The AP signal propagates from one cell to another, resulting in multiple APs impacting a single cell. We use a lattice of cells in the form of voxels to model the impact of multiple APs. In this paper we consider a 3d model of cells where there is a limit of about 12 cells that can be in contact with a transmitter cell as the cells are considered to be closely packed. We also assume that strong electrical coupling exists between the cells. For the ease of understanding we show an example of 2d lattice of cells with dimensions length () width () in Figure 4. The transmitter cell in the centre is surrounded by 4 receiver cells  on each side and multiple AP signals can propagate to or from each of these cells. The number of molecules flowing as a result of multiple AP signals depends on the intercellular interactions and is given by:
(6) 
Where = and = . and represent the total length and width of the mesh of voxels. and represent the cell membrane potentials at the transmitter cell location and general receiver cell location respectively. The term represents the electrical conductivity between the transmitting cell and the general receiver cell . Note that Eq. (1) only accounts for the change in the membrane potential due to a single AP. However the change in the potential can also occur as a result of multiple Action potential signals from neighboring cells. This leads to the following equation:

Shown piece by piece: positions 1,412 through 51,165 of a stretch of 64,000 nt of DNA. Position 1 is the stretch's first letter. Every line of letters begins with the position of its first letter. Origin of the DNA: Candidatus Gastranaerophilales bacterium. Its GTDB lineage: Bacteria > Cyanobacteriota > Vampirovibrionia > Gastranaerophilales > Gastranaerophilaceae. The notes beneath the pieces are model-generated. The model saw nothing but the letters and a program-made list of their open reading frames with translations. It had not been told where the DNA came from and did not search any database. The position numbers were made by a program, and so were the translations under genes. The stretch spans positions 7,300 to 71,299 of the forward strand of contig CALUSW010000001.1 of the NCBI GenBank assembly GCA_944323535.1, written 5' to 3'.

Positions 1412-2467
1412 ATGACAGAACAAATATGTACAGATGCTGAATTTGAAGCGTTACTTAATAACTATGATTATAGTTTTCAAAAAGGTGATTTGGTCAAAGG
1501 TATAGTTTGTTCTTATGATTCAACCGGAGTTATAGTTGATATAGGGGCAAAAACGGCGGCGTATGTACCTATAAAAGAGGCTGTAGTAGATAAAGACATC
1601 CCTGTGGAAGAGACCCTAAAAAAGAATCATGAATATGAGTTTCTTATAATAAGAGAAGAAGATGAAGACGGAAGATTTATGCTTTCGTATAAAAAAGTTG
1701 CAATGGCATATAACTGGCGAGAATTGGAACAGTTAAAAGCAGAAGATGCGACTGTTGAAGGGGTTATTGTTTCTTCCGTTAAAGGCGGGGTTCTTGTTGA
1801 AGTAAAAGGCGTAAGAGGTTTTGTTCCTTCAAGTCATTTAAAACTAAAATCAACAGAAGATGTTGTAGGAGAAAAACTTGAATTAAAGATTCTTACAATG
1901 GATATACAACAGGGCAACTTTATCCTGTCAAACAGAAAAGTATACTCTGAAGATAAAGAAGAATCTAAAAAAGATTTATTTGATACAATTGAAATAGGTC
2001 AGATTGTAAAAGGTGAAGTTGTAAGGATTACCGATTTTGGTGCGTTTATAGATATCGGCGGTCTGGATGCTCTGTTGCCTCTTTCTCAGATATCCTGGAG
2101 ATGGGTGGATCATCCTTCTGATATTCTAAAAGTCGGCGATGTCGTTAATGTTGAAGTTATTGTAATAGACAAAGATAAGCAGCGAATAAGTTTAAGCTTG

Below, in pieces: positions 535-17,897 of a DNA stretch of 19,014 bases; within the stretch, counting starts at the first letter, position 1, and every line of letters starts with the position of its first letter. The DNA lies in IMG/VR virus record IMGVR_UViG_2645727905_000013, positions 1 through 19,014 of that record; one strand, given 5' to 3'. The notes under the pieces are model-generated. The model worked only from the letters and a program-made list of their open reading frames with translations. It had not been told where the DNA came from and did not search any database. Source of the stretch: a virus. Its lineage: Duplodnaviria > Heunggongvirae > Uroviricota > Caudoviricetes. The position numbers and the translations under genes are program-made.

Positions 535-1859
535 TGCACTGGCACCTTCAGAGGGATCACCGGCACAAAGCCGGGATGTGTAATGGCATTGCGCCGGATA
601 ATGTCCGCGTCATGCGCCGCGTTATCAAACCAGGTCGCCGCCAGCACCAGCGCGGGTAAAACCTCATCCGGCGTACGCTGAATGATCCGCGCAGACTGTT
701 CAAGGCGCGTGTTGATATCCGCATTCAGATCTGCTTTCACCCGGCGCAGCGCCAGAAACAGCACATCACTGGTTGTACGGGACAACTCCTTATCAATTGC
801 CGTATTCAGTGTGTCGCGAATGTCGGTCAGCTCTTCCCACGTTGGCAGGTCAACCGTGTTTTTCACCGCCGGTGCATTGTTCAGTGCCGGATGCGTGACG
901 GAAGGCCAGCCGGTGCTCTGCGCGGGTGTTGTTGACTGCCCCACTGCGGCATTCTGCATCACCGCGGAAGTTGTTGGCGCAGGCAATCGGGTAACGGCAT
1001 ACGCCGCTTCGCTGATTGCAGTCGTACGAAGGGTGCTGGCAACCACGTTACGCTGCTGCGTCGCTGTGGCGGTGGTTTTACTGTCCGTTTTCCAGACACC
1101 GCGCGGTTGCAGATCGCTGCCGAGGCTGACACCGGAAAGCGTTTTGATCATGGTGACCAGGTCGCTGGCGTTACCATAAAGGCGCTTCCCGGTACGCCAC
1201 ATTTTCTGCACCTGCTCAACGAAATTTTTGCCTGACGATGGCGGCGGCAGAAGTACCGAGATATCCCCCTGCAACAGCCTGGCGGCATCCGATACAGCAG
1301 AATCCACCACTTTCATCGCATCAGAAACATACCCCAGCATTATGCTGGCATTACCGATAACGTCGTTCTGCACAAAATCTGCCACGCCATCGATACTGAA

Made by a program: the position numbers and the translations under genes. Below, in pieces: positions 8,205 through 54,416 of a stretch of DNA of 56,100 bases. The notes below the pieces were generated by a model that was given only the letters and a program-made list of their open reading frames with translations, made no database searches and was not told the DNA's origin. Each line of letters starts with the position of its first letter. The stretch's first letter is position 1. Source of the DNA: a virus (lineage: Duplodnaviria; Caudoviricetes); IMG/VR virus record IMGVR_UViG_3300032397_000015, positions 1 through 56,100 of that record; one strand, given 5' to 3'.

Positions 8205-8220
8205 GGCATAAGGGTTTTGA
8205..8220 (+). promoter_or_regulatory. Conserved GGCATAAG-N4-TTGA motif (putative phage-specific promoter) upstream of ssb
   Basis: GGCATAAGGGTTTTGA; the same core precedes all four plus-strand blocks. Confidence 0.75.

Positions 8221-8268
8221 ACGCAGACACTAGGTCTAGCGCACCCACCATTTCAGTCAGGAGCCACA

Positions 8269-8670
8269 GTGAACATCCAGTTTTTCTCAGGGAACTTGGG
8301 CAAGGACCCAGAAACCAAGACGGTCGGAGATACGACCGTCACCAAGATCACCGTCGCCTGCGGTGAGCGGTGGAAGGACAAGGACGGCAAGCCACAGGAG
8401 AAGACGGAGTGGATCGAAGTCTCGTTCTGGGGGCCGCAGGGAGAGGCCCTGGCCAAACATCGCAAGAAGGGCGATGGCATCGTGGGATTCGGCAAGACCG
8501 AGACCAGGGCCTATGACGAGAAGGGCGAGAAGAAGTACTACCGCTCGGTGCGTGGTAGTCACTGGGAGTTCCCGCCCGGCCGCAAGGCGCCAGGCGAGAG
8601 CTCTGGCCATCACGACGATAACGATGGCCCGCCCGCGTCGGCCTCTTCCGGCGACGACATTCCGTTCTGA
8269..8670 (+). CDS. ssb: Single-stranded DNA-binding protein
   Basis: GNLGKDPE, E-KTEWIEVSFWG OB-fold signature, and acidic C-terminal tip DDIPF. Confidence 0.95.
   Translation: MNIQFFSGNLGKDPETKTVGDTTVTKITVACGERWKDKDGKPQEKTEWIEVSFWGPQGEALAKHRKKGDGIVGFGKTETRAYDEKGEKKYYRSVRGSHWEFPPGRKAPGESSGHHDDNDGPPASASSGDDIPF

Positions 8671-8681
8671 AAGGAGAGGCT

(7) 
Therefore the change in the potential can happen for two reasons i.e. (a) one or more AP signals from the neighbouring cells which introduces the additional term i.e. the electrical conductivity between the sensing cell and the general neighbor cell . and (b) an external stimulus generating an AP signal within the plant cell which propagates to receiver cells. The input of the system i.e. the number of signalling molecules emitted by the transmitter cell driven by the multiple AP is dependent on :